The government also needs to take an active role – provide tight regulation and oversight on big business (i.e. Wall Street, City of London etc) and thus the government can steer markets rather than ‘let them run riot.’

According to Keynes’ theory, the 1930s Great Depression  (born in the 1920s Recession)…

  • Lasted because of sticky wages (wages remained stubbornly high relative to the amount of employment available). Wages are ‘sticky’ because its tricky to reduce wages without causing huge uproar. Its politically very unpopular. Its relevance depends on the size of the public and private sector. The government only controls wages in the public sector (doctors, teachers, policemen, firemen, librarians, state agency workers etc). So even when the economy is tanking, these wages can remain high (maybe thanks to sectoral wage guarantee agreements/social ‘partnership’ agreements to keep industrial unrest low.
  • Ended because of WW2- war needs spending by government to beef up the army, air force etc. Factories, businesses, employment benefit as production ramps up to serve the war effort


Hayek adopts a ‘Bottom Up’ conservative approach. Investments must be based on real savings not government spending or artificially low interest rates. Theres no ‘circular flow’ to the economy – its far more complex than that. The economy is organic, it cant be controlled or ‘steered’ to do what you want. Humans don’t behave as predictably as that. Low interest rates cause the ‘boom and bust’ cycle – not Keynes ‘animal spirit’ theory. Busts are the hangovers from malinvestment in the boom times. Low interest rate booms mean people will make hay – cheap credit means more house buying, a movement from savings into riskier areas like the stock markets and generally stupid things in the short run as consumers forget about the future. In booms, credit creates more credit causing inflation (price rises) – people binge on the good times – and the money has to go somewhere – usually on housing – but the economy is founded on credit not savings! Its hugely unstable.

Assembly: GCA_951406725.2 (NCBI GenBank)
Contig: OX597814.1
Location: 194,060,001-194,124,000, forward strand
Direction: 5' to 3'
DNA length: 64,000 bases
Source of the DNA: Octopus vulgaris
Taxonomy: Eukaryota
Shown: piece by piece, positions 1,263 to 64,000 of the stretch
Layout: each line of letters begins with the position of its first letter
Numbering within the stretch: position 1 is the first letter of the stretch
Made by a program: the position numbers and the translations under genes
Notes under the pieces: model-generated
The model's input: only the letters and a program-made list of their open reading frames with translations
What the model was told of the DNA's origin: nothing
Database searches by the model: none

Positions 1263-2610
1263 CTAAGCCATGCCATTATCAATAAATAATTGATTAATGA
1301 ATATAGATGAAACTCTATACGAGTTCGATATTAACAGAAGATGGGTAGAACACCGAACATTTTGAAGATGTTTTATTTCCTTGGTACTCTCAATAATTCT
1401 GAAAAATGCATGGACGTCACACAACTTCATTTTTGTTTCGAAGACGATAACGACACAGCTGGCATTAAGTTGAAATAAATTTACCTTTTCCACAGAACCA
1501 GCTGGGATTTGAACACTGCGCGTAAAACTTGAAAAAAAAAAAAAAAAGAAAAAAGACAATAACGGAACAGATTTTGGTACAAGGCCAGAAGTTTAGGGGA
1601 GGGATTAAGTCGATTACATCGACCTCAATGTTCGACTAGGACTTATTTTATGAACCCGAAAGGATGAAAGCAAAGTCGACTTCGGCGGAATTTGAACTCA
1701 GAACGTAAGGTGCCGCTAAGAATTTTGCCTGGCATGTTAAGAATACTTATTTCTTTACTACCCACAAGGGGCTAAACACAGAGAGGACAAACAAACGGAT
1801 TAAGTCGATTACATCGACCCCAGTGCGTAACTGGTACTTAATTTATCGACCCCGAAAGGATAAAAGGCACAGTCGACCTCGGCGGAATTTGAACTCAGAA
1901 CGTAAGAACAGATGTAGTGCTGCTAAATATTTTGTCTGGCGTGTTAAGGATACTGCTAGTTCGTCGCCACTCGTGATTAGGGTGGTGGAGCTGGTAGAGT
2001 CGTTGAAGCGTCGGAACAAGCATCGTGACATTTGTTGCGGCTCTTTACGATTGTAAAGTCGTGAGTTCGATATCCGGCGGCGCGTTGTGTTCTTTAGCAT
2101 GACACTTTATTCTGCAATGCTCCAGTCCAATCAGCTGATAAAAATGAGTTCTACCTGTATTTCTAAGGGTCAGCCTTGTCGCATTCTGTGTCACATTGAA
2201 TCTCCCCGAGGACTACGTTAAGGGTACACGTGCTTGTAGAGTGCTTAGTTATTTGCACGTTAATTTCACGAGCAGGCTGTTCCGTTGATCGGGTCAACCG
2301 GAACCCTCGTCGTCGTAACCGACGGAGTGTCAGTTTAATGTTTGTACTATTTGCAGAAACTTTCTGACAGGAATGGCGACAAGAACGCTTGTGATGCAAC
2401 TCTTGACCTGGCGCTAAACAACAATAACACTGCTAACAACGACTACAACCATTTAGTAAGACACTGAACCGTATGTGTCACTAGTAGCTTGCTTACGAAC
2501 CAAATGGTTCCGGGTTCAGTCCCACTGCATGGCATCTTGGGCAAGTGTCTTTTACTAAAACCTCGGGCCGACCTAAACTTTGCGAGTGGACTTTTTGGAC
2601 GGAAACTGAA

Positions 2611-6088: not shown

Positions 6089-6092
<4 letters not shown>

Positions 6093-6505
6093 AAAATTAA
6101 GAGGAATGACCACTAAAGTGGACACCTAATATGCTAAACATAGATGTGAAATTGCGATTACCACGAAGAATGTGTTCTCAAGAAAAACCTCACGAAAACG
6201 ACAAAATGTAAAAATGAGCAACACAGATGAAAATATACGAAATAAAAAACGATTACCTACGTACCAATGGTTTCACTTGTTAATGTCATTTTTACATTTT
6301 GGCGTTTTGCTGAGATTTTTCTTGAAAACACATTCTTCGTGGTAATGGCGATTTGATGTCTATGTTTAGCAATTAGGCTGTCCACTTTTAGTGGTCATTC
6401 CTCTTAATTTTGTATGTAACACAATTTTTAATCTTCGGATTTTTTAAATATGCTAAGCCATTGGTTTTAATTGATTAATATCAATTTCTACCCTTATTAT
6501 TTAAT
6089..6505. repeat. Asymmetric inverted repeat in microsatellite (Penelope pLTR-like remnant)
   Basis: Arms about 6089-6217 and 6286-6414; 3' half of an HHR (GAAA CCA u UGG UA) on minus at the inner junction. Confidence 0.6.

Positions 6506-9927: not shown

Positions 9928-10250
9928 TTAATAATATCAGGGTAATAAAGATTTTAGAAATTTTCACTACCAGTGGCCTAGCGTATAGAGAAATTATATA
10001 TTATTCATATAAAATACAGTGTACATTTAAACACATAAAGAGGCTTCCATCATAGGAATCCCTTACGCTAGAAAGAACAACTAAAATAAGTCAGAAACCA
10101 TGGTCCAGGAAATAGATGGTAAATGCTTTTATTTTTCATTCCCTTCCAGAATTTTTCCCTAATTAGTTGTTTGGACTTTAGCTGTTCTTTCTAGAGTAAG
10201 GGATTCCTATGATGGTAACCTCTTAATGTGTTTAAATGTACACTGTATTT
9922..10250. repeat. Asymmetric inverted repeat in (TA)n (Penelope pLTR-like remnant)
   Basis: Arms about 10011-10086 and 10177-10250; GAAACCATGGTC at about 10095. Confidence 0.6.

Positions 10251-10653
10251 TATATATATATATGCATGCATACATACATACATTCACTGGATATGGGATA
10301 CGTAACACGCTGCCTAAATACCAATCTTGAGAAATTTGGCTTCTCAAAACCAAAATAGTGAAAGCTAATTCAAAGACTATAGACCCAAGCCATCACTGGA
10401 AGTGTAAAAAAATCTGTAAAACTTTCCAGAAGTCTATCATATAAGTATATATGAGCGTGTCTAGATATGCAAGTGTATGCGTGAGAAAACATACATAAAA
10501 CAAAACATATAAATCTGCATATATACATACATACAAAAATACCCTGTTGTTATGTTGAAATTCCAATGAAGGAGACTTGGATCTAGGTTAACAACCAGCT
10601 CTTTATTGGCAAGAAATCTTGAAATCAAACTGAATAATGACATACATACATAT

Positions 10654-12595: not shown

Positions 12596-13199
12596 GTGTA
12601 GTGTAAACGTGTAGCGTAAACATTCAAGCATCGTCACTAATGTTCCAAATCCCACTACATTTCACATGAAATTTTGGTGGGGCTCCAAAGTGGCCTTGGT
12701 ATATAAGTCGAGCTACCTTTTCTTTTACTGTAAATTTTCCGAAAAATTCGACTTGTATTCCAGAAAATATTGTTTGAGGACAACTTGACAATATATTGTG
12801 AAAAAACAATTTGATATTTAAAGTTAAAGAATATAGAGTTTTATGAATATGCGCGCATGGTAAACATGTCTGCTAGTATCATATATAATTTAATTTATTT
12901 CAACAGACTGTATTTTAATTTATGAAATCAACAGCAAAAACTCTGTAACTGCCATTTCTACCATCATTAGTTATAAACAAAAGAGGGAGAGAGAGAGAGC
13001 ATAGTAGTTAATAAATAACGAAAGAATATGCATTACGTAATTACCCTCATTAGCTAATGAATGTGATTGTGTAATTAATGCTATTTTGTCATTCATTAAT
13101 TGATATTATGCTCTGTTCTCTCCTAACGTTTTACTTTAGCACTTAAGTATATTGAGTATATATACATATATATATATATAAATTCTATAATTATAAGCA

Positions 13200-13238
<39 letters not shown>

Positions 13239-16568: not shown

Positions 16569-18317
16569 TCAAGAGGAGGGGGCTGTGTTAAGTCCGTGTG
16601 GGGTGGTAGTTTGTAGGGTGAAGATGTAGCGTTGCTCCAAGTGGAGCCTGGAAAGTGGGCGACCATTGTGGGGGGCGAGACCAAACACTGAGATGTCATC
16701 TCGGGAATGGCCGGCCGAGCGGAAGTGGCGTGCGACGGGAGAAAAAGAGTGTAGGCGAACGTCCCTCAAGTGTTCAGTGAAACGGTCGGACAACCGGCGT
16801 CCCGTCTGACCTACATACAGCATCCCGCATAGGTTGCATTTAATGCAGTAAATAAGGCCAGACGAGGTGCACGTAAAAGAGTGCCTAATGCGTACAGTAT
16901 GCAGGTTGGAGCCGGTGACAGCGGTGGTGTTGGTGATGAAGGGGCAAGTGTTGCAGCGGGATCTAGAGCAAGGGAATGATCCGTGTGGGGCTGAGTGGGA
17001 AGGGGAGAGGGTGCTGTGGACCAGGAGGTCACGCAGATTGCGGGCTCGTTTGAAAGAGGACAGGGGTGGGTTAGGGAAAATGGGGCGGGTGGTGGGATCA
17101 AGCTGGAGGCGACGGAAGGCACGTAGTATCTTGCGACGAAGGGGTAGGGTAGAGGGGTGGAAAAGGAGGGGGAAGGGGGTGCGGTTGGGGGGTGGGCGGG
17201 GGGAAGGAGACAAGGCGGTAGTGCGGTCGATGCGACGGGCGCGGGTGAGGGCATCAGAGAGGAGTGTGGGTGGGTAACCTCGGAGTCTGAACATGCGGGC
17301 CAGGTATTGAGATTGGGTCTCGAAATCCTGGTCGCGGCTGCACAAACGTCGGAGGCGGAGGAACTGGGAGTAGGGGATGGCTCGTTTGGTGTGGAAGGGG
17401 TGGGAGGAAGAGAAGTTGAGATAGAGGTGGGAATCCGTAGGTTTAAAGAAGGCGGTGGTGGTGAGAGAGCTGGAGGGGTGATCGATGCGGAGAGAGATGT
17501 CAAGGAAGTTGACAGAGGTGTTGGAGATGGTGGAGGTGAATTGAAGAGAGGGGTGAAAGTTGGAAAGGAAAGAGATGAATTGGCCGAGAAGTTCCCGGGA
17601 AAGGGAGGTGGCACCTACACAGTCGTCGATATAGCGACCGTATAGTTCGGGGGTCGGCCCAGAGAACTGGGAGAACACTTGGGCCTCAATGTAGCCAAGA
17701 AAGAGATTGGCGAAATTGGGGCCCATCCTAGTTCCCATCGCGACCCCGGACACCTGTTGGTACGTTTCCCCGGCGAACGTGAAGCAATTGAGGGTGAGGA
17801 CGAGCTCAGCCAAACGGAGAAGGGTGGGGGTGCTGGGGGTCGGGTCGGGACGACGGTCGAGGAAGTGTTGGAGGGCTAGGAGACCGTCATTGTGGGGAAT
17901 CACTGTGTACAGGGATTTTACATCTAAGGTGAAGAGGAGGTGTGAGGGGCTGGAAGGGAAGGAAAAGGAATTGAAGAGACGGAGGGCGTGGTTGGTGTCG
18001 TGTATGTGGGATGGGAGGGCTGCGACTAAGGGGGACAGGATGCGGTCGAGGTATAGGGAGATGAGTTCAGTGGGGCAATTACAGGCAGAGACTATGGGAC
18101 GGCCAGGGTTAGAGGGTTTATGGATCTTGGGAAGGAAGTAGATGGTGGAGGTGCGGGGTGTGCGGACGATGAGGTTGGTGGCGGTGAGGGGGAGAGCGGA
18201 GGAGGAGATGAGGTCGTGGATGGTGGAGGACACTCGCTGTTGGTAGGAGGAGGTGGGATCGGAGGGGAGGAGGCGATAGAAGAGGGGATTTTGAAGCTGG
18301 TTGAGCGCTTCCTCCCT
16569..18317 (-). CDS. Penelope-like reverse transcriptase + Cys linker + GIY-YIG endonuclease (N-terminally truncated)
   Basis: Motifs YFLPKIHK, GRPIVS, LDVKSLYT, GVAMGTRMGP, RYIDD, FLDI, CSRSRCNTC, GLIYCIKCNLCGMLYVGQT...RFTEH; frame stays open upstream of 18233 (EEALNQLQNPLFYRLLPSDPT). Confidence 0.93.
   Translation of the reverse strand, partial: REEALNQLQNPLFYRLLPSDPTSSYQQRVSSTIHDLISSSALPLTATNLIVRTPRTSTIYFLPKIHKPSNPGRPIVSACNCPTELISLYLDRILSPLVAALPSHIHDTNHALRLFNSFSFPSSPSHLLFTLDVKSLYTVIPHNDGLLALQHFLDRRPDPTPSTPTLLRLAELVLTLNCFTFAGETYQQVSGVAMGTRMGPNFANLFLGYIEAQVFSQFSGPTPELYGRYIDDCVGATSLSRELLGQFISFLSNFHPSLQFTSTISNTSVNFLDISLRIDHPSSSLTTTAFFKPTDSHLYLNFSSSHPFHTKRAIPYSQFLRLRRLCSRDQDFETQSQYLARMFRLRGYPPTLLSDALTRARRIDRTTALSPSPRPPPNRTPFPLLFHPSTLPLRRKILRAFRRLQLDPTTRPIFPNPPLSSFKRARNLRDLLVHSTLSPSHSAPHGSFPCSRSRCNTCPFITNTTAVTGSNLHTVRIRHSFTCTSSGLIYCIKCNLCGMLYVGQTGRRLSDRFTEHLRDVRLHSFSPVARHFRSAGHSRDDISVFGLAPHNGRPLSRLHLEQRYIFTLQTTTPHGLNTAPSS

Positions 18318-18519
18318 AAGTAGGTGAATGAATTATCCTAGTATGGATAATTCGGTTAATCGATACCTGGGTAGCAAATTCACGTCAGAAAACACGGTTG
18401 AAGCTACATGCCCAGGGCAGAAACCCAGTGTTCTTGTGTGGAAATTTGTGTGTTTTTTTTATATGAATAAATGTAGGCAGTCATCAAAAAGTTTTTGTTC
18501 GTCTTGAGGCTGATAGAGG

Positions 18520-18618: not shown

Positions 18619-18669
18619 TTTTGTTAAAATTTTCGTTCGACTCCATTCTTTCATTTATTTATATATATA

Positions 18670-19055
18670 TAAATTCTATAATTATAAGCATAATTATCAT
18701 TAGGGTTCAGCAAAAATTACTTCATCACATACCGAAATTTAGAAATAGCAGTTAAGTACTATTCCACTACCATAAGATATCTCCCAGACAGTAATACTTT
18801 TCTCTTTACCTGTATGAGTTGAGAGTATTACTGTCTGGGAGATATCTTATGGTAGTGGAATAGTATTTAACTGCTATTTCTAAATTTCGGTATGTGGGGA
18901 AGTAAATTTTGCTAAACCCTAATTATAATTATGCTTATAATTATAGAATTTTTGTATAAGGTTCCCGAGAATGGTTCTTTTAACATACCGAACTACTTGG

The economy Is ALL about supply and demand – suddenly, people realise theres not enough resources – the economy begins to overheat – interest rates rise to pull money out of the economy and into the banks to calm it down. Your economy is built now built on devalued capital. In busts, people hoard savings – until they have confidence again. People need (like a recovering alcoholic) to remember the long run strategy – and stick to it!  Pumping in money for short term gain will when the economy is on its knees will just be funnelled into already failing weakened areas (hence why they got the money in the first place! If they were doing well, they wouldn’t need it!). Stop bailing out losers – this is cronyism at its worst.  Malinvestments causes ‘busts’ so bailing out or pumping more money into these areas is definitely not going to help return the economy to health. So failing businesses should be ignored and let crumble – gaining Hayek and moniker of a ‘liquidator do-nothing’ economist.